The image of God has received various interpretations throughout the history of Christian theology, being associated most often with rationality as that which differentiates humans from animals. While there is some merit to this perspective, it owes more to the Greek philosopher Aristotle than it does to the Bible.7 For Aristotle, the human is a life-form with logos, often interpreted simply as a rational animal.

By contrast, in the biblical witness from Genesis all the way to the New Testament, the image of God, as a human distinctive, has more to do with how humans exist. They are to “fill the earth and subdue it” (Genesis 1:28)—in a way that reflects God’s own being and work. Now, God brings everything into being solely on account of who he is, the triune God who is love (1 John 4:8). In creating, God graciously elects to be the God he is, not just for himself but for also for others, especially his human creatures. He brings creation into being, then creates the man and the woman, gives them a place of honor, bestows on them the gift of creation as a token of his abiding favor, and summons them to a purposeful living that reflects what he has done for them. In all this, he offers them, above all else, fellowship with himself.

Correspondingly, the man and the woman, followed by all the children of Adam, are to rest their being and find their identity in God’s many-splendored goodness. They are defined by their unique fellowship with God. Since humans are unable to create out of nothing, they are to use God’s gift of creation and, through it, to express their own self-giving on each other’s behalf. They thus also, as it were, justify the other by summoning this other out of social nonexistence into rich relational living. Humans do in a human way what God does in a divine way! Just so, they exist in the right relationship to God, exhibiting in their being his goodness and design, and in the right relationship to each other. They are as God meant them to be. In this complex way, they are justified as creatures in God’s very image—trusting God for who they are and living out that very identity in mutual affection and creation stewardship. Humans exist as believing, social and vocational beings.

Humans do in a human way what God does in a divine way! Humans exist as believing, social and vocational beings.

However, as the entire arc of the biblical narrative underscores, humans can also exist differently, in contradiction to God’s intention. They can deny what God has made of them and lose themselves. While there are no unpine-y pine trees or unlion-y lions, there most certainly are inhuman human beings, those who dehumanize themselves and do so to others, though this should not be taken simply in a moralistic sense. The bottom line is that only humans can sin. And humans sin, fundamentally, when they do not take God’s goodness for what he discloses it to be, but give credence to a lie that God is not to be trusted. “Did God really say . . . ? And even if he did, did he mean it?” (Genesis 3:1-4). The serpent’s questions to Eve are at the root of all sin.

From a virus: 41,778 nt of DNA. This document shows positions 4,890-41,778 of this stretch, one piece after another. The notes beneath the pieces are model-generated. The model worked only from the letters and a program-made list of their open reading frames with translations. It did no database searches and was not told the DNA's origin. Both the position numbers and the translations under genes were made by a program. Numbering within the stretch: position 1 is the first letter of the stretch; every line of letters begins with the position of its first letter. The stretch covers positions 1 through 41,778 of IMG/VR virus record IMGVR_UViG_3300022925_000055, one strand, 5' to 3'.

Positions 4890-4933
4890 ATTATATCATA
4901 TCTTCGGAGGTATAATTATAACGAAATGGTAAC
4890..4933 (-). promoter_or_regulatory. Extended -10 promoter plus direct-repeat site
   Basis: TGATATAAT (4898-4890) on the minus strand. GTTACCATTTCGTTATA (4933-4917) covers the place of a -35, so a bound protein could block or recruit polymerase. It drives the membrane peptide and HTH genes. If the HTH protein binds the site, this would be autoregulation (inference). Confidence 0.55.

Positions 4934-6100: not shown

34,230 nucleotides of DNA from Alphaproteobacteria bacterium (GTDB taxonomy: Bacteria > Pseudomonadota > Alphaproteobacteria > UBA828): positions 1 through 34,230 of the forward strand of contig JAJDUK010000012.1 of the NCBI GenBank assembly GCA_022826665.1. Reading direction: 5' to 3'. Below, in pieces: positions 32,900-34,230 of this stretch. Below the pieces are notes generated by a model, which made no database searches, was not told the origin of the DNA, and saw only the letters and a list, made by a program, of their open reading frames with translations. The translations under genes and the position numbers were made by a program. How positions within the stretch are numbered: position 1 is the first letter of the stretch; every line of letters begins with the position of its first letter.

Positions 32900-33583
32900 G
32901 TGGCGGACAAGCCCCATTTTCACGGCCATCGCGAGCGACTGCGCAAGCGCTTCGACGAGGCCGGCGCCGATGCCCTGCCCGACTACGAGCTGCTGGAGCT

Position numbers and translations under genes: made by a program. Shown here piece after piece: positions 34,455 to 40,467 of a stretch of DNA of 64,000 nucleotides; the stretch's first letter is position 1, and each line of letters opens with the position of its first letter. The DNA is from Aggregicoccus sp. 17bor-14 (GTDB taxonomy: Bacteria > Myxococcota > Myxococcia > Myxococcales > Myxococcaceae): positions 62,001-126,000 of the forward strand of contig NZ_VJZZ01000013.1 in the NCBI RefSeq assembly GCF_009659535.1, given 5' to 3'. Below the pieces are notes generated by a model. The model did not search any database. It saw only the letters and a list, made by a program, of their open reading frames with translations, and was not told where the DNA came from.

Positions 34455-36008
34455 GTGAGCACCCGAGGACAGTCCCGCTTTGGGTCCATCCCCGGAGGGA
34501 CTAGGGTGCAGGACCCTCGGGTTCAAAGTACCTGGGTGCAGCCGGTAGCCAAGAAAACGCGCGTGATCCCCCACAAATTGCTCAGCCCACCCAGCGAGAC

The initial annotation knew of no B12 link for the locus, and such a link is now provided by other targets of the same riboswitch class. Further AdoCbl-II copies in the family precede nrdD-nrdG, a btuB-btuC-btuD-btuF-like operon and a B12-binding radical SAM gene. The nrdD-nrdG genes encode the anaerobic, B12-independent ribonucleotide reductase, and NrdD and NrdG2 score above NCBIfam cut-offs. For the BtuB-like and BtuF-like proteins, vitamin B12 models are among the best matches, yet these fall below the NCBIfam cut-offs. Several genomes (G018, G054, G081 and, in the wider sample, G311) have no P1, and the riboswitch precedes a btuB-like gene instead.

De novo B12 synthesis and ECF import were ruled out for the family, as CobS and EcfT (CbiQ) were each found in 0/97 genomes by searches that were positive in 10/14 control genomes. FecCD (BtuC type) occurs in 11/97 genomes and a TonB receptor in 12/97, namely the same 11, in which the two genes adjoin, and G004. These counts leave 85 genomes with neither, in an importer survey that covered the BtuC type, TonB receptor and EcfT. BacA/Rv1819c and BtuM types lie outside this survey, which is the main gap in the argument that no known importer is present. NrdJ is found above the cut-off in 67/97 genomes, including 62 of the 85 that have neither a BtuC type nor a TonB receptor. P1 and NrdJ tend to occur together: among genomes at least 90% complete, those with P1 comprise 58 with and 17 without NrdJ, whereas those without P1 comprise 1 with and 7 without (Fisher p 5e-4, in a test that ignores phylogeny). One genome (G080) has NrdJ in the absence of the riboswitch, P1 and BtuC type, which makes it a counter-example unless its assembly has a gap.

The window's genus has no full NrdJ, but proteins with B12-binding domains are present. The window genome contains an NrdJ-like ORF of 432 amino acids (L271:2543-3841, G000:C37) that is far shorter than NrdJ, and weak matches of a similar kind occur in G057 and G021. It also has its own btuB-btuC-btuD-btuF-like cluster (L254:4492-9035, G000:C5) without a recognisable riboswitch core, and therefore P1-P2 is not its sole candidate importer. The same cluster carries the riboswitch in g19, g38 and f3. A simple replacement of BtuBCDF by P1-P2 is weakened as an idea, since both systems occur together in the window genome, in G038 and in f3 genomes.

To exist in sin is not to be able to trust God with one’s very being or to live out of God’s justification. Both Luther and Calvin saw unbelief, in the specific form of refusal to take God for who he is—to take him at his Word, to be the root sin.8 What flows from it is the pressing and debilitating need to justify one’s own existence in all its glaring insignificance, to create and make something of oneself. This involves sinners in two paradoxes. First, they must act as simultaneously creator and material in relation to themselves, which is impossible.9 Second, for all their self-justification, sinners remain stubbornly oriented to justification by another. We all want what we make of ourselves to be recognized, admired and even envied by others. This entangles us in patterns of mistrust, competition, judgment, blame, etc., in relation to others, all of which pervert our original togetherness and become contexts for a host of greater and lesser sins against the neighbor and, as such, against God himself, making mockery of his abiding love and favor.

Le Bon Samaritain
Le Bon Samaritain, by Aime Nicolas Morot

In sin, the rich togetherness for which we were created becomes absorbed into an excessive and inescapable preoccupation with the self. As Karl Barth observed, by wanting to be on our own what we can only be with God, we have actually become less.10 Our very lives have become stamped with death. When death finally does come, God, in effect, only ratifies what we have been doing to ourselves all along. In death, the last relationship, that of me to myself, is undercut. The judgment of death is: “As you want it so be it!”11

But—and this is the good news—even as he pronounces us guilty, God does not wish for his creation to destroy itself and for humanity to perish. God’s question to Adam in the garden, “Where are you?” comes to define the arc of the biblical story. It is God who first asks the question. And, importantly, it is God himself who answers it on our behalf. He answers it in Jesus Christ. The children of Adam are no longer where Adam was once justified, where human existence made sense and human life had a purpose. God himself, therefore, has become a human being, our brother and friend, to take up our cause.